Last updated: July 18. 2013 6:57PM - 127 Views
Ralph B. Davis
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Floyd County has the 12th-highest rate of poverty in the state, with nearly 30 percent of the general population and 44 percent of children living below the poverty line. It has some of the highest rates of obesity, heart disease, diabetes, cancer and early death in the nation. Teen pregnancy rates are more than triple the national average. One-in-5 Floyd Countians do not have health insurance.


So, obviously, it only makes sense to cut public health spending in Floyd County, right?


Of course not, but that is exactly what the state has done. The Floyd County Health Department will lose 40 percent of its state funding when July 1 rolls around, with state support dropping from over half a million dollars to $339,000.


Fortunately, it does not appear that there will be any major ramifications from the cuts. Director Thursa Sloan says the department is on fairly solid financial footing, which means, unlike many other agencies across the state, Floyd County does not expect to see any layoffs, furloughs or reduction in business hours, although some employees might lose a few hours.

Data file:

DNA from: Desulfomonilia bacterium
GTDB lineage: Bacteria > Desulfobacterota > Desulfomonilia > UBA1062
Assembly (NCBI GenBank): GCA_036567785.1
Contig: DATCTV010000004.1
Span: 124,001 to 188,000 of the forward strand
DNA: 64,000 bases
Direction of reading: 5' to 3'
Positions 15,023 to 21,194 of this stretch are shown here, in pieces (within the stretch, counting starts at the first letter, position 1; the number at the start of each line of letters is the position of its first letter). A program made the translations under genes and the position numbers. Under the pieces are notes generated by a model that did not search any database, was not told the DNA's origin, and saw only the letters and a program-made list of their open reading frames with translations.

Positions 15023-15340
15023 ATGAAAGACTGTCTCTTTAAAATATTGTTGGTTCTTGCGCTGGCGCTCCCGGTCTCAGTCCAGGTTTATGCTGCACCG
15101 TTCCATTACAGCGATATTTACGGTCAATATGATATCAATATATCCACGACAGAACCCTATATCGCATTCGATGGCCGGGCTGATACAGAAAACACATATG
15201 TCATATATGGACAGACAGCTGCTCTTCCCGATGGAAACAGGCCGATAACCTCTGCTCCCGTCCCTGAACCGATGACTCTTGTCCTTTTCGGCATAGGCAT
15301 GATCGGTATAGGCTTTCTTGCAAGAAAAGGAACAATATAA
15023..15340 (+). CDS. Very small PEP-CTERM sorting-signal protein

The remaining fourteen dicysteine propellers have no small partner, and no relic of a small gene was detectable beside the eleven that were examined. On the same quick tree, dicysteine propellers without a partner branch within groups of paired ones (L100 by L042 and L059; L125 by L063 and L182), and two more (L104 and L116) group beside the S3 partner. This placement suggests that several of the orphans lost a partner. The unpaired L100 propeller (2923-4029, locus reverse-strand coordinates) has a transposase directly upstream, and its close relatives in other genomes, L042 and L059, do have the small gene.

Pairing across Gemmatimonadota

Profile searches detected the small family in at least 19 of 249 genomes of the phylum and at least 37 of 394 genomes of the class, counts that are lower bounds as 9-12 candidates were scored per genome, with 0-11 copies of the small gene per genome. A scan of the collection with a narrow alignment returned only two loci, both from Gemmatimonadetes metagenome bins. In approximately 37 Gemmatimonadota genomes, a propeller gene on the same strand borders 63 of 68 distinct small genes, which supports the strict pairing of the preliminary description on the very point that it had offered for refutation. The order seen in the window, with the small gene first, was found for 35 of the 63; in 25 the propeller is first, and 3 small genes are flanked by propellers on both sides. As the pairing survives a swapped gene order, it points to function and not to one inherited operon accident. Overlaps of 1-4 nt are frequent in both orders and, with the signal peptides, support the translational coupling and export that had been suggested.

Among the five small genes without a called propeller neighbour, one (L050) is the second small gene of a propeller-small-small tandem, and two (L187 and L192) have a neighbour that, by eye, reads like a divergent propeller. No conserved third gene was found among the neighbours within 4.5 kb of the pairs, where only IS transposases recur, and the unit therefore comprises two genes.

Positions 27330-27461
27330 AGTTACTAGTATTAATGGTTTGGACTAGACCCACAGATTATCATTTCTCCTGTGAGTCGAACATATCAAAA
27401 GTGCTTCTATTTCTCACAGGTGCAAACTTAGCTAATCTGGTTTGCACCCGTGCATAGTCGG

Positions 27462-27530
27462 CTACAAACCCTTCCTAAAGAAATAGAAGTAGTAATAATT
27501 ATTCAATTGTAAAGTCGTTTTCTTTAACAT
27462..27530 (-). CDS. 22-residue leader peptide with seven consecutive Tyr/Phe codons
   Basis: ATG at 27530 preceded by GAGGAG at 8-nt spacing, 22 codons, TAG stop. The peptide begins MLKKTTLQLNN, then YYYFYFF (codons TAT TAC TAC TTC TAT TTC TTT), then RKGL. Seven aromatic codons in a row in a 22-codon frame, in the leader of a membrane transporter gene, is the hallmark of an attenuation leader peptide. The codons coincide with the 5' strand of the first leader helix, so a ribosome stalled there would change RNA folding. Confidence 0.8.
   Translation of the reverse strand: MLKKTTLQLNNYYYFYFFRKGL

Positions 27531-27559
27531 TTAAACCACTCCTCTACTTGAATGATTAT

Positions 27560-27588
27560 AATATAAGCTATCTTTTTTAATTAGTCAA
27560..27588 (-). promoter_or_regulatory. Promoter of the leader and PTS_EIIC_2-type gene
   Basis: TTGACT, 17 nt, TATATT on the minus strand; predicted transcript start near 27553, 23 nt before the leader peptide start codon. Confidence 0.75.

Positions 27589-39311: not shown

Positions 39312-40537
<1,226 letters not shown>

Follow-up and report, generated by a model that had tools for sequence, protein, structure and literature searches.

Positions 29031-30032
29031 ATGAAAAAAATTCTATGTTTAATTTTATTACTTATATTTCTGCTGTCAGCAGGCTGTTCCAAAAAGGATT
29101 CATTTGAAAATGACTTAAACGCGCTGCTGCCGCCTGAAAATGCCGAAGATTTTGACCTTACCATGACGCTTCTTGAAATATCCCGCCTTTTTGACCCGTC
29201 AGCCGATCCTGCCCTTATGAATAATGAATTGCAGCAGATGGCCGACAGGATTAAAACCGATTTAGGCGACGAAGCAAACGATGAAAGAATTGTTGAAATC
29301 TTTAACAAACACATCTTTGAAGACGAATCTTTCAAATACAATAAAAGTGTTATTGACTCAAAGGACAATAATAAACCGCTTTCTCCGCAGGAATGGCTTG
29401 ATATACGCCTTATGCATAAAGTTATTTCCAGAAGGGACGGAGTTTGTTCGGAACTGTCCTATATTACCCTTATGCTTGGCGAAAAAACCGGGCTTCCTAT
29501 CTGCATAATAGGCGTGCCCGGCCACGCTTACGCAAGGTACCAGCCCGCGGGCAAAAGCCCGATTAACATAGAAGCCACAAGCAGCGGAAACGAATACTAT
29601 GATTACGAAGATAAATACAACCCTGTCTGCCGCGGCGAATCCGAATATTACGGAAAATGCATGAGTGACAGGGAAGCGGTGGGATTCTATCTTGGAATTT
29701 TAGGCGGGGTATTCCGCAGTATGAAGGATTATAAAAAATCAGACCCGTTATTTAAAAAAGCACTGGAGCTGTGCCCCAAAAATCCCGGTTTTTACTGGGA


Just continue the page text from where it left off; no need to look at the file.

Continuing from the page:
Still, how can there be any sense of fairness or equity in a decision to slash public health funding to an area where there is so great a need for preventative medicine, and the target population has so few resources to obtain it?


Keep in mind that this is not a matter of the state cutting funding across the state. This is simply a matter of taking money Floyd County normally would have received and giving to someone else.


If anything, the state should be pumping more money into Floyd County, in an effort to solve the very real, very widespread public health crisis that exists here, and which the health department is best equipped to tackle.


From WIC to vaccinations, from diabetes education to smoking cessation classes, from family planning to sliding-scale fees for uninsured patients, Floyd County Health Department seemingly has a service to combat each of our community’s many ills. How Frankfort can fail to recognize and reward that is beyond us.


— The Floyd County Times

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